By Rear Admiral John Gower, CB OBE
An important component of reducing risk among nuclear-armed states is greater understanding of others’ policies, plans, and intentions regarding their arsenals. Such understanding serves to reduce significantly the risk of misunderstanding and miscalculation that could precipitate the use of nuclear weapons.
While the greatest contributions to mutual reassurance and restraint are concrete (for example, the
extensions of weapons readiness, the retirement and decommissioning of systems), affirmation and
reaffirmation of restraint remain important. This briefer proposes several such affirmations of restraint
and reassurance that nuclear weapon-possessing states could make. It is possible that universal adoption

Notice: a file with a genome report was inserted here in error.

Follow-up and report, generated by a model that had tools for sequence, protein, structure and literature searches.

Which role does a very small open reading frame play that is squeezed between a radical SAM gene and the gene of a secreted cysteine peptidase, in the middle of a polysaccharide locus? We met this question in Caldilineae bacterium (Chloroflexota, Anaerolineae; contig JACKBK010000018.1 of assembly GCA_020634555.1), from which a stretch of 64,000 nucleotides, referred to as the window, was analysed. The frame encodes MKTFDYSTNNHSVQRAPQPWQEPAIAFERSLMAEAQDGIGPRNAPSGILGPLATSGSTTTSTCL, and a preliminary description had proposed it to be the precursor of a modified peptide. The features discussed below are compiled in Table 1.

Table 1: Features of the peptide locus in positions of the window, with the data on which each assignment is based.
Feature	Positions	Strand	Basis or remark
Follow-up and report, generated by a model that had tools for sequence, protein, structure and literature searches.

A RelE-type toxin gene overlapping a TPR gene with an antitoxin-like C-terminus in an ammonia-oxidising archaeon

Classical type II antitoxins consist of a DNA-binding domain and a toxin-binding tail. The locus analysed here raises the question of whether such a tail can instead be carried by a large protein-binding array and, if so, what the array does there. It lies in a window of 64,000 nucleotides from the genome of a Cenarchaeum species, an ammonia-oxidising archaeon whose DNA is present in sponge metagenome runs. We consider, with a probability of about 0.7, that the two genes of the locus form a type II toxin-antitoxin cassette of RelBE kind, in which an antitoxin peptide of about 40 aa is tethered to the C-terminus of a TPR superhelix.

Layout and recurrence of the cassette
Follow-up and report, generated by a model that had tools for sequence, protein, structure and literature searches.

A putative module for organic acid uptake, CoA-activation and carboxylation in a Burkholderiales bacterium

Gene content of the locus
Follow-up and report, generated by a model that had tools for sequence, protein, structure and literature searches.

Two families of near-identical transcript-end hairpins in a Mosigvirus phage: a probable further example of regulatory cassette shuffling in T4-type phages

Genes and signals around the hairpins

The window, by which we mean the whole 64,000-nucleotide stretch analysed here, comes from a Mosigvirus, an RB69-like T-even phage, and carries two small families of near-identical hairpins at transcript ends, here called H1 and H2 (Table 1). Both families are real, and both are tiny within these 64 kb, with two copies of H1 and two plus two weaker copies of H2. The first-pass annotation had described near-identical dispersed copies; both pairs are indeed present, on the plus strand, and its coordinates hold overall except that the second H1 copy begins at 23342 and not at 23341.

of some of these suggested lines could lead to more concrete steps, but even without them they have value
in nuclear risk reduction.
While it is true that nearly all nuclear-armed states include language in their declaratory policy statements
which place use of their nuclear weapons “in extremis,” there are four main types of these declarations of
restraint which should be considered distinct from the policy generalities:
- A statement of implicit futility of first use
- Further statements of last resort
- Restrained decision protocols
- Ambiguity clarification and resolution
Read the full briefer here.